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Updated: March 21, 2012 09:41 IST

Urban jungle still home to sparrows

Divya Gandhi
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NOT GOOD NEWS: Sparrows are adaptable creatures and their disappearance reflects an unprecedented habitat loss. March 20 is World Sparrow Day. File Photo: Vipin Chandran
NOT GOOD NEWS: Sparrows are adaptable creatures and their disappearance reflects an unprecedented habitat loss. March 20 is World Sparrow Day. File Photo: Vipin Chandran

50 city localities still visited by elusive bird, study finds

The once-ubiquitous house sparrow we took for granted until its population noticeably nosedived in the city appears to still thrive in little pockets, however isolated. As many as 50 residential areas in Bangalore see regular visits from the diminutive bird, scientists and bird enthusiasts were happily surprised to find when they tallied results of a five-year project to map sparrow sightings in the city.

Areas with a dense housing topology, low-income localities and markets appeared to be the bird's favourite haunts. Tilak Nagar, Sudhamanagar, Gandhi Bazaar and K.R. Market for instance retain an urban ecology suitable for sparrows, with niches to nest in and grain to feed on, said H.S. Sudhira of Gubbi Labs, a research collective, who coordinated the project.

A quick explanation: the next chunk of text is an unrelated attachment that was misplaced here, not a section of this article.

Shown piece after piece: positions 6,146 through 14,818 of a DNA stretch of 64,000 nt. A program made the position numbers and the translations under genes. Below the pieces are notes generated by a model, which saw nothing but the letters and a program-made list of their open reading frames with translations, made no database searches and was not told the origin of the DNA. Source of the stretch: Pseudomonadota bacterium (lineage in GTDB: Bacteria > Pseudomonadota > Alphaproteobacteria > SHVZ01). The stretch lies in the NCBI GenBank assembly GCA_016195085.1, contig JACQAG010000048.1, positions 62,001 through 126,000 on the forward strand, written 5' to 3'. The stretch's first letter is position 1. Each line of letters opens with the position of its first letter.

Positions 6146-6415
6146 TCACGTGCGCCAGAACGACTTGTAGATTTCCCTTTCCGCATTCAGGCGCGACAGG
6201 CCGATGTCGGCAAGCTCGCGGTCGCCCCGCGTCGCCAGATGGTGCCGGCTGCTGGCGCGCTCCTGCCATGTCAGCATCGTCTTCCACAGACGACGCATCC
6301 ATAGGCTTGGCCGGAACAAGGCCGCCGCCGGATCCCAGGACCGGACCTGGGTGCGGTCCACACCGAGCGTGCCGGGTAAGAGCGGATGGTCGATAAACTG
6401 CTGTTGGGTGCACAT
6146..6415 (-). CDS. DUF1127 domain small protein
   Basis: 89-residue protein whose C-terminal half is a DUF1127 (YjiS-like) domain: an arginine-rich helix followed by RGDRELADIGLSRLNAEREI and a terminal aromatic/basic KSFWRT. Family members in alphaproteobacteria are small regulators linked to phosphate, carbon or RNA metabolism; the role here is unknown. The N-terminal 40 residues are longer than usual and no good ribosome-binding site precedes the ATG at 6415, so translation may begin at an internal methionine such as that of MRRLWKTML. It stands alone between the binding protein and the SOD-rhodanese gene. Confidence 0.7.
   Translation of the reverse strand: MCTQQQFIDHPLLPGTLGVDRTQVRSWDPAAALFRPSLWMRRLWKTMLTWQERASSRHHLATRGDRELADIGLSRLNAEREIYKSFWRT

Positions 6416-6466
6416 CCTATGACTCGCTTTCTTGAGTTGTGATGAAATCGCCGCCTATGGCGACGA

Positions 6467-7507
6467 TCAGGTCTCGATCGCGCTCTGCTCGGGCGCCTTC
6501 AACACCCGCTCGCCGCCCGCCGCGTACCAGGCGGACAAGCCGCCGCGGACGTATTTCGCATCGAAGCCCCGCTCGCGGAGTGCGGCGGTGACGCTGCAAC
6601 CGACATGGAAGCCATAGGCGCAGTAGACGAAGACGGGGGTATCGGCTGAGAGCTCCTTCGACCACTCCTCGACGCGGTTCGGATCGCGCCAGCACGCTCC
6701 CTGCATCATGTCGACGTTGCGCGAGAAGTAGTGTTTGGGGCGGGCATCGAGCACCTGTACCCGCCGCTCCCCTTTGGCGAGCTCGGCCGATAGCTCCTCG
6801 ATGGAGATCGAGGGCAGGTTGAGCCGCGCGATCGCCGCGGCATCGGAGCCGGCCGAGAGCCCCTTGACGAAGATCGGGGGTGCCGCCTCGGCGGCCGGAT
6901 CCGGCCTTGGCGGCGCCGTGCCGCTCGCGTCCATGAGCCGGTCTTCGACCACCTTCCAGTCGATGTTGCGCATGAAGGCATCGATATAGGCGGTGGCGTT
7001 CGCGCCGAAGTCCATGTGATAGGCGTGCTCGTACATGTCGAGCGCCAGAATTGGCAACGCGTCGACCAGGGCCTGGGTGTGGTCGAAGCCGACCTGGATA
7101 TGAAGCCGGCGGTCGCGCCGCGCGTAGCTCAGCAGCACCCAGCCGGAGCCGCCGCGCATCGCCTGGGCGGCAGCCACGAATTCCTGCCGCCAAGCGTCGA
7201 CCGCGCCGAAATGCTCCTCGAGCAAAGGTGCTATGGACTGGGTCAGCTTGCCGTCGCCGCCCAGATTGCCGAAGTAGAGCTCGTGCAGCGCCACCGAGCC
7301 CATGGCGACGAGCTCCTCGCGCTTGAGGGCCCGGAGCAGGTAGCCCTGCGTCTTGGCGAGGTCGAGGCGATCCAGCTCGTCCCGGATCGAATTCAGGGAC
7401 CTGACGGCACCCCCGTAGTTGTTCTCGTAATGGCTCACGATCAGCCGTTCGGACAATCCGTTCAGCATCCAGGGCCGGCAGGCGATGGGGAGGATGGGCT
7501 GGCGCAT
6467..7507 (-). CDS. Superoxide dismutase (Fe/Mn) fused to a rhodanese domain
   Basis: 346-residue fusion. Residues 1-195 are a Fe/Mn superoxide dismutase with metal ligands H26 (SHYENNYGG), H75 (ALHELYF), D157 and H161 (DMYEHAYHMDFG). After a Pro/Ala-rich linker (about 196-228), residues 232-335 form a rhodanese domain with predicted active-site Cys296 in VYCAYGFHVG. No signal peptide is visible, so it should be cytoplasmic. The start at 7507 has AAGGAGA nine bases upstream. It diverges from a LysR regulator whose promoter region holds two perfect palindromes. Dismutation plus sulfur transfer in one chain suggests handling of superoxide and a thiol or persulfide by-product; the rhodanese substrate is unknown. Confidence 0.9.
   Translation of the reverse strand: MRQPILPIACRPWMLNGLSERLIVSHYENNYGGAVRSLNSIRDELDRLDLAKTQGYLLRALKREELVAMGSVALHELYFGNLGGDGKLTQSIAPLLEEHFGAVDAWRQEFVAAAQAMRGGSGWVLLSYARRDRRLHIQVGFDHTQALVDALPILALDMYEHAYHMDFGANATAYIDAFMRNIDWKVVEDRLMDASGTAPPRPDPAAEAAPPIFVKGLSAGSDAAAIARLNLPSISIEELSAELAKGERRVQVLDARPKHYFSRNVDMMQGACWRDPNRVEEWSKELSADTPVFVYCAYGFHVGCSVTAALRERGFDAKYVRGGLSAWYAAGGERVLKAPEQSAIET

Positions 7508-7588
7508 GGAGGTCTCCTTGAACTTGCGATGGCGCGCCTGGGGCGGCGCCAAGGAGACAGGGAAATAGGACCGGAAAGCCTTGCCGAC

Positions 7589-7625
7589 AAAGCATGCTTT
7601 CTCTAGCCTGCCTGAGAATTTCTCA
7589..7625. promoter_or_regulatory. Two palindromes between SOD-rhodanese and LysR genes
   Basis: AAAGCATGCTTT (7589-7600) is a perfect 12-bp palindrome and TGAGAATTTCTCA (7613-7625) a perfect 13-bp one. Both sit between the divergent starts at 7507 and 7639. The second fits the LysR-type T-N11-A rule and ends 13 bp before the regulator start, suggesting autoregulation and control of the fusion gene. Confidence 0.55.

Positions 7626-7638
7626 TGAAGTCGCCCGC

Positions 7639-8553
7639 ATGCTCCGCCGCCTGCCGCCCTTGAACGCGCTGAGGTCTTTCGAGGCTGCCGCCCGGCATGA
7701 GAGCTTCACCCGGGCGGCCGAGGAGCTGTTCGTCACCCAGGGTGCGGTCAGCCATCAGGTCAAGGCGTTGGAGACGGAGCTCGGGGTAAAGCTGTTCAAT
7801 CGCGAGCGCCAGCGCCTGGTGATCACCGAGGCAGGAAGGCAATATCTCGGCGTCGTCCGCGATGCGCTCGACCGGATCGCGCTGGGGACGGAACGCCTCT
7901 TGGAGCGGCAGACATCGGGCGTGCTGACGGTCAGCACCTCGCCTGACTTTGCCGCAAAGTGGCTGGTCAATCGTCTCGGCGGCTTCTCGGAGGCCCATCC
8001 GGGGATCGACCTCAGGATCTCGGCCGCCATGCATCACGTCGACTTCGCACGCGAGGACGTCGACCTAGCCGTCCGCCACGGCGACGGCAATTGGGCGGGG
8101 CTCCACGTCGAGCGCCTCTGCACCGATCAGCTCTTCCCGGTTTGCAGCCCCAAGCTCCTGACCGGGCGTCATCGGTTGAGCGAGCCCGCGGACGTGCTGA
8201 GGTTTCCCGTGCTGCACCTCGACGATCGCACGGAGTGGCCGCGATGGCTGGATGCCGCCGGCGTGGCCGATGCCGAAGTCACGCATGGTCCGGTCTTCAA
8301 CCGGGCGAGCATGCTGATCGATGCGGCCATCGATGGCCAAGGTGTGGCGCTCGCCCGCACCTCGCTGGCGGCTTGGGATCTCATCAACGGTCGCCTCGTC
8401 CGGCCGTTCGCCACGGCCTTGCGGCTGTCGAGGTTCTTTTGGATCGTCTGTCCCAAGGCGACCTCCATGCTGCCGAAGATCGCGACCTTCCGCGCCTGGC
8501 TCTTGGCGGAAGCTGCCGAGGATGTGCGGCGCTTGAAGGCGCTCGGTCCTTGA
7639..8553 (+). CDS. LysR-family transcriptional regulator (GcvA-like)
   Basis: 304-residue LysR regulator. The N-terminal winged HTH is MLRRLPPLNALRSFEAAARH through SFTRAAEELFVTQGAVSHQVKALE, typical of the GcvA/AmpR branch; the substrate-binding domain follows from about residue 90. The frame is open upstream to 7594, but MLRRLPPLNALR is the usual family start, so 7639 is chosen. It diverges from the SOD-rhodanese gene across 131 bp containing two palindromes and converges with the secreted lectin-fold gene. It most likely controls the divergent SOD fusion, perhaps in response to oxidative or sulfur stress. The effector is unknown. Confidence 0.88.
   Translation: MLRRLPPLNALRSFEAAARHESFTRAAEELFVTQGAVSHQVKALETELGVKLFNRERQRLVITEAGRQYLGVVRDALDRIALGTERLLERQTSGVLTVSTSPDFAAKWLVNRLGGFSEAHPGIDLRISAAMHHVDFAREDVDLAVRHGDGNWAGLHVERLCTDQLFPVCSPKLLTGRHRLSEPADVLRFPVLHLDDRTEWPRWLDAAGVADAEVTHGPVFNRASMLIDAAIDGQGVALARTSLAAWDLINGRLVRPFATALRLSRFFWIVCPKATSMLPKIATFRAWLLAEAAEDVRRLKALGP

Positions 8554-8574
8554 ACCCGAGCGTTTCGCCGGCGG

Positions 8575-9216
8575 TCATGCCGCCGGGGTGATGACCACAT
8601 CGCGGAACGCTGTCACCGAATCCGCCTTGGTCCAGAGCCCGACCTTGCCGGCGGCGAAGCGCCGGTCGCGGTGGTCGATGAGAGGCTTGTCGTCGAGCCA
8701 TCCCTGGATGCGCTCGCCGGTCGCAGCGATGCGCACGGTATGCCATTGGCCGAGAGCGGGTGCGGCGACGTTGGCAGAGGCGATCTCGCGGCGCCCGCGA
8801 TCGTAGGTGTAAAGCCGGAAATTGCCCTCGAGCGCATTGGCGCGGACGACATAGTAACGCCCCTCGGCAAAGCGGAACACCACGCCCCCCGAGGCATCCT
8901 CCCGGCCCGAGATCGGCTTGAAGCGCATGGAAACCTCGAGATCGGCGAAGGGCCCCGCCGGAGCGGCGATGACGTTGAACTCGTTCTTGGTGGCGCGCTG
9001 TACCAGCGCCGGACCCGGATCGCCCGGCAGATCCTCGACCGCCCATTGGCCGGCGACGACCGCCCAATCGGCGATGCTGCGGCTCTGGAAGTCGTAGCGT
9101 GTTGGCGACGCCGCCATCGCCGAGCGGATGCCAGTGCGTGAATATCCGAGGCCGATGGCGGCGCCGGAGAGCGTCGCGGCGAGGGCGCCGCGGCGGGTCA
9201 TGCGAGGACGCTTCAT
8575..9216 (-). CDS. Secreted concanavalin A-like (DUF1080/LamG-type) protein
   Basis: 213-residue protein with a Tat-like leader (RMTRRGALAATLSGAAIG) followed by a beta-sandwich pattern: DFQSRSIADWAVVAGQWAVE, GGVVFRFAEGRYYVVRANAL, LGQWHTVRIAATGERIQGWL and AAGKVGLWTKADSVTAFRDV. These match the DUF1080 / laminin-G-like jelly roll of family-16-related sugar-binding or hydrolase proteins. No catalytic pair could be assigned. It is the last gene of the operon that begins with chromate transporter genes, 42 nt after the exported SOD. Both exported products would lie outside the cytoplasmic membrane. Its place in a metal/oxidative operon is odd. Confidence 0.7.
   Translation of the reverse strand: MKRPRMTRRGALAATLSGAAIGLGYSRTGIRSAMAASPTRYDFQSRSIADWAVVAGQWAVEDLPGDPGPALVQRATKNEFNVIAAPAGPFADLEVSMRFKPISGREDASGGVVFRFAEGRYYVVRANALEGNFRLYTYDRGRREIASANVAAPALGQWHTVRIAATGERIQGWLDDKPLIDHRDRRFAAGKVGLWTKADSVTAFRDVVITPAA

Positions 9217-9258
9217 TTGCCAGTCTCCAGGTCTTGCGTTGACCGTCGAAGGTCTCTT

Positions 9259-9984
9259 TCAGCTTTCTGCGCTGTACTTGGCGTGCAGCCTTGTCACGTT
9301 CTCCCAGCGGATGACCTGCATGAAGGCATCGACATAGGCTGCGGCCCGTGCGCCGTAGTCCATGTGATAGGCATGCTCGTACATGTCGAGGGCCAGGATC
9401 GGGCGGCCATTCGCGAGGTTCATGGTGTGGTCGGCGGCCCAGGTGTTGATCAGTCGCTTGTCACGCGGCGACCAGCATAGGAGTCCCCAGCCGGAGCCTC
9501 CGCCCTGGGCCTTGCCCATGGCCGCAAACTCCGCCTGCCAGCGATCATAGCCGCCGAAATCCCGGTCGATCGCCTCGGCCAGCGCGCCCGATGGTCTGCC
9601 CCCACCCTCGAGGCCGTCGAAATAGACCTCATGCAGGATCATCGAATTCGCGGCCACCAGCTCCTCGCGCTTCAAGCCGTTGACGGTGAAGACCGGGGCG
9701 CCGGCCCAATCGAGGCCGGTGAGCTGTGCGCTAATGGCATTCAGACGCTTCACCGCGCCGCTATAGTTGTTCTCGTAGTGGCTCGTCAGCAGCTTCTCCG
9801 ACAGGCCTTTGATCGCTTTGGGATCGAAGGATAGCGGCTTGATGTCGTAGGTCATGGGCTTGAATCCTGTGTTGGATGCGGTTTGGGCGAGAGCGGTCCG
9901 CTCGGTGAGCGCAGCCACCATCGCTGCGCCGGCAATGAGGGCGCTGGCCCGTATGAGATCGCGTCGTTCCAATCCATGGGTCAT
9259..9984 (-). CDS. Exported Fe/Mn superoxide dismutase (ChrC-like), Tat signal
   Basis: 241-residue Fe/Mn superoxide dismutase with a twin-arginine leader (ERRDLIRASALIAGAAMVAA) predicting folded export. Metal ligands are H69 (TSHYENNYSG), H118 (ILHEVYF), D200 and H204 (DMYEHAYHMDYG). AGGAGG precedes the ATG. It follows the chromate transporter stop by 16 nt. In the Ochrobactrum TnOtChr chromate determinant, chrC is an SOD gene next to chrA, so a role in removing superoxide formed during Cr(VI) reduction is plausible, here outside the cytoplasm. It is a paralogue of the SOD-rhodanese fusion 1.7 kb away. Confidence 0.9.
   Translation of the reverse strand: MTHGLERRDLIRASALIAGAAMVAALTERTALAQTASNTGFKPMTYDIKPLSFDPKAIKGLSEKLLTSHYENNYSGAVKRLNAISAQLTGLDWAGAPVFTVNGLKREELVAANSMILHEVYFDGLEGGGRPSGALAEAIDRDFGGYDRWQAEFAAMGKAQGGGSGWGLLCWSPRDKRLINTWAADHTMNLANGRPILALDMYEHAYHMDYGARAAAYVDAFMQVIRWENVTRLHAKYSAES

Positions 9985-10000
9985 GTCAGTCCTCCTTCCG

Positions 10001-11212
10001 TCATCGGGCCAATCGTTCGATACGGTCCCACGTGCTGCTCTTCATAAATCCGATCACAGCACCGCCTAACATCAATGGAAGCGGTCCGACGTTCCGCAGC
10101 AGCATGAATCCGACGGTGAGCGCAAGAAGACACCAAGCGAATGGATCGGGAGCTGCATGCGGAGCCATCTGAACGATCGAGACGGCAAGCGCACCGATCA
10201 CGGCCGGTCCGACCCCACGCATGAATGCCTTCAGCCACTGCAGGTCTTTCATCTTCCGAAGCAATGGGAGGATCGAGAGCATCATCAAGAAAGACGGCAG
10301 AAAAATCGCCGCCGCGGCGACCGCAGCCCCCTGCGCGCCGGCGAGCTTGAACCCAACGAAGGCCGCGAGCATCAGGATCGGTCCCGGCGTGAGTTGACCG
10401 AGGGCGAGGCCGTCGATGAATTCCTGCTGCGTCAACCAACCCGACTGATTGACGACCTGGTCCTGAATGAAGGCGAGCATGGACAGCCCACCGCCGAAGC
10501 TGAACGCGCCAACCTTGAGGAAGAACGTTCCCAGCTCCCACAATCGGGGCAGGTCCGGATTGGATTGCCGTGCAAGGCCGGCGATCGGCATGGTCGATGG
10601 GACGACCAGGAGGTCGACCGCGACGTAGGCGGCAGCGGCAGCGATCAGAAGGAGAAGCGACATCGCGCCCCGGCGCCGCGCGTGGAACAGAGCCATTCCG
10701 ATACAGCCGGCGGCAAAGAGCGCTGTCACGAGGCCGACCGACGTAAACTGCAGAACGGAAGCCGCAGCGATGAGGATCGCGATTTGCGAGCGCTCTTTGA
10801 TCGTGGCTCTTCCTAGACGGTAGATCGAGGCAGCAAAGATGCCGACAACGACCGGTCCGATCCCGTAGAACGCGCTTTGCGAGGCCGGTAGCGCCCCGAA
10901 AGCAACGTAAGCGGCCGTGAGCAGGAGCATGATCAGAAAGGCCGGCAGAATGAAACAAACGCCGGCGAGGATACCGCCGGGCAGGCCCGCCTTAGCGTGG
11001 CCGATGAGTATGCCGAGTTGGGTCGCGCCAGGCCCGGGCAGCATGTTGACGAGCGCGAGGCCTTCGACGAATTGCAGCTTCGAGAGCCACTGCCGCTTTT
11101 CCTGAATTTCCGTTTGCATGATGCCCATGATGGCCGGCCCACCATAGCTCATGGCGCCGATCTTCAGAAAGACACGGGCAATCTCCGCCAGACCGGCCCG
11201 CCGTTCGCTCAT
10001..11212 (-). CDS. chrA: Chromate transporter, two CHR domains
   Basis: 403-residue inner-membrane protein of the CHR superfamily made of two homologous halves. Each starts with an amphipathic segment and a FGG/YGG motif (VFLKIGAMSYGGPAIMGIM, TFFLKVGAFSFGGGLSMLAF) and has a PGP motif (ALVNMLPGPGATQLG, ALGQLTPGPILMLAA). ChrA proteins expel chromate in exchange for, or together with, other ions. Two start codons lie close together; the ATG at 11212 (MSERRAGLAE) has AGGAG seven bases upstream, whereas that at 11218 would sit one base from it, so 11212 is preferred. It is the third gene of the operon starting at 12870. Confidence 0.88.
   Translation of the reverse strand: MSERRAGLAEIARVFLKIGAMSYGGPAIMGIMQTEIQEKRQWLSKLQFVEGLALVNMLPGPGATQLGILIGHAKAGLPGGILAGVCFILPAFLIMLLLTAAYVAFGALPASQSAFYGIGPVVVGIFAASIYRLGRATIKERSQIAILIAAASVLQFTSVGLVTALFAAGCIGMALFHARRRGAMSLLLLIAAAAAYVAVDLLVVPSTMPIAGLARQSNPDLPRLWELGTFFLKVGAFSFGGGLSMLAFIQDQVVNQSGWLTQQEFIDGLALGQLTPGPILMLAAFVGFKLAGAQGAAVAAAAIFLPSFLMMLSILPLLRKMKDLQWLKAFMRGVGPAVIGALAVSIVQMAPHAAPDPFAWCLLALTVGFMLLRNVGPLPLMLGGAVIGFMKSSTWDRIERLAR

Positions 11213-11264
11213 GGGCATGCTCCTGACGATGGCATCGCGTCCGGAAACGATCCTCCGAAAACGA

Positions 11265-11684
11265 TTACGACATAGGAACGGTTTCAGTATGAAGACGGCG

And while sparrows may have all but vanished from newly developed areas and concrete wastelands, there are two exceptions — Bengaluru International Airport and the BDA Complex in HSR Layout — where the common sparrow is still inexplicably seen, scavenging on food as unconventional as leftover puff pastry and samosa filling.

Starting 2007, birders, both amateurs and professionals, set out to plot on a map every sighting of this increasingly elusive species. This exercise was made possible through volunteer geographic information collected through forums such as mailing groups, Dr. Sudhira said. The other areas where sparrows were spotted are Vidyapeetha main road, Yediyur, Malleswaram, Varthur and Bellandur.

However, the fact that a species that was once everywhere is now found to be restricted to 50 localities, is not particularly heartening news, says naturalist Harish Bhat. “Sparrows are very adaptable creatures so their disappearance reflects an unprecedented habitat loss, especially of shrubs and crevices like tiled roofs that they can nest in.”

In fact so adaptable are sparrows he has even spotted them drink cola and coffee at the airport. “The kitchen garden concept no longer exists and pesticides have wiped out insects and caterpillars that would have been the protein sources for sparrows,” added Dr. Bhat who has managed to lure 36 sparrows to his Yeshwanthpur home with offerings of minor millets and water.

More In: Bangalore

What we all have to do is just keep a water container and food for these sparrows on our roof tops, so they can survive easily. In my locality people do it and we have around 100 of sparrows in our street.

from:  Manish Khandelwal
Posted on: Mar 21, 2012 at 18:24 IST
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